Does Hawaii Really Need To Have A Bar Exam? - Honolulu Civil Beat

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About the Author

Steven D. Mewha

Steven D. Mewha is a practicing attorney in Honolulu. He is the president of the William S. Richardson Alumni Association and a member of the Makiki Neighborhood Board. Mewha graduated from Richardson in 2020.


I had the privilege of taking a short class with Martha Minnow in my first year in law school. I remember her telling me after class one day that “law school is either a year too long or a year too short.”

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What she meant was that law school is a year too long if the purpose is to simply prepare us for the bar exam, and a year too short if the intent is to have students specialize in an area. Since she was once the Dean of Harvard Law School, I would suspect her opinion holds more clout than that of most others.

That conversation made me question the entire structure of our legal education system. After all, the first juris doctor was offered in 1902 and Harvard did not adopt the J.D. program until 1969.

The conversation then made me question the purpose of the bar exam. After all, if the purpose of law school is to train you to be an attorney, why must we be tested twice? If the purpose of the bar exam is to ensure quality attorneys, why not have stricter standards on law school exams?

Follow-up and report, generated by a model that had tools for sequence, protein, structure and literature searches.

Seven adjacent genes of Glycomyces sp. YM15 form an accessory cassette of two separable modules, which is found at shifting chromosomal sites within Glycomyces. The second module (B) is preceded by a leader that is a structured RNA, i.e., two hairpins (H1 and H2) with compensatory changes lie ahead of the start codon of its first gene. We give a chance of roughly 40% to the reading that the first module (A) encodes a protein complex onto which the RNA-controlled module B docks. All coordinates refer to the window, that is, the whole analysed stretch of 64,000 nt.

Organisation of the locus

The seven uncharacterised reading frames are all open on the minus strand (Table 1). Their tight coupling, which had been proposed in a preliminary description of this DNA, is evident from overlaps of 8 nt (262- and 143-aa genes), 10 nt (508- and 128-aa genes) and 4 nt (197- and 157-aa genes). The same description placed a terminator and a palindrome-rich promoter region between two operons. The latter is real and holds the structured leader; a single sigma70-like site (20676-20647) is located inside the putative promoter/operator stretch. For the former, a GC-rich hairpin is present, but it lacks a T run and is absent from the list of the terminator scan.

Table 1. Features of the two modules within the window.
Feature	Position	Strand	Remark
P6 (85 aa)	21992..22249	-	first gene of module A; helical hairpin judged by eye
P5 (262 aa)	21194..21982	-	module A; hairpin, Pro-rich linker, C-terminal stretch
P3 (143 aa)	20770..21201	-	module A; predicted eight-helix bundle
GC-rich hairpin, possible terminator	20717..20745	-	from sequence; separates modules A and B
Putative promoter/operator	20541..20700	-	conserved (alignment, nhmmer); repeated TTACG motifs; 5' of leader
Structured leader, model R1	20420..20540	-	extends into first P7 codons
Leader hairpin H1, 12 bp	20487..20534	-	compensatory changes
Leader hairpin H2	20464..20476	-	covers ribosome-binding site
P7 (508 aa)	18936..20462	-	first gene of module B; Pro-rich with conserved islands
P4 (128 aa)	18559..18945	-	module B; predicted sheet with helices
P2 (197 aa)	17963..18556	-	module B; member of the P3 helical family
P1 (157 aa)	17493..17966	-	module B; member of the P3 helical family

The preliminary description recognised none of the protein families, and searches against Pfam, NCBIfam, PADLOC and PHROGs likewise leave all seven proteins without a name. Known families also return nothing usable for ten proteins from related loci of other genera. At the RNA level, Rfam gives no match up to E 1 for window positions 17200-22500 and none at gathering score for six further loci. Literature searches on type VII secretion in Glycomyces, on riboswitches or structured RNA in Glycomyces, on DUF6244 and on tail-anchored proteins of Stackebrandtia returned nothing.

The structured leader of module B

In a 2020 article in “The Appeal,” there was an in-depth look at the history of the bar exam:

“A 2013 law review article explains that, initially, becoming a lawyer was an informal process based on apprenticeships, diploma privilege, or a simple oral exam. But, by the mid-1800s, the American Bar Association began expressing concerns over the ‘quality’ of immigrant and ‘mixed-race’ applicants.”

According to the article, the bar was initially set up for dubious and racist purposes. That is not to say that the continuation of the bar exam is racist, but merely to point out that its origins come from a place of hate and not, as we’ve been led to believe, to ensure quality attorneys.

“The Appeal” goes further:

In addition to the racist origins of bar examinations, little evidence supports the view that the exam actually protects the public by ensuring lawyers have a minimum level of competency. Many test subjects are outdated, exist only in a handful of jurisdictions, and are worthless to students who practice in areas that are not tested on the bar exam.  Rather than test for competency, the bar exam instead tests law school graduates’ memorization and regurgitation abilities after three-months of non-stop studying.

Currently, Utah, Oregon and Washington have already granted diploma privilege, with new legislation being introduced in state legislatures across the country. The state of Hawaii should implement diploma privilege for future graduates of the William S. Richardson School of Law as well.

It is well documented that standardized testing disproportionately affects students who grow up in poverty, often leading to perpetuated poverty in some families.

The bar exam is no exception, as exam test scores for students in the evening part-time program are higher than their daytime counterparts, and yet their bar passage rate is substantially lower.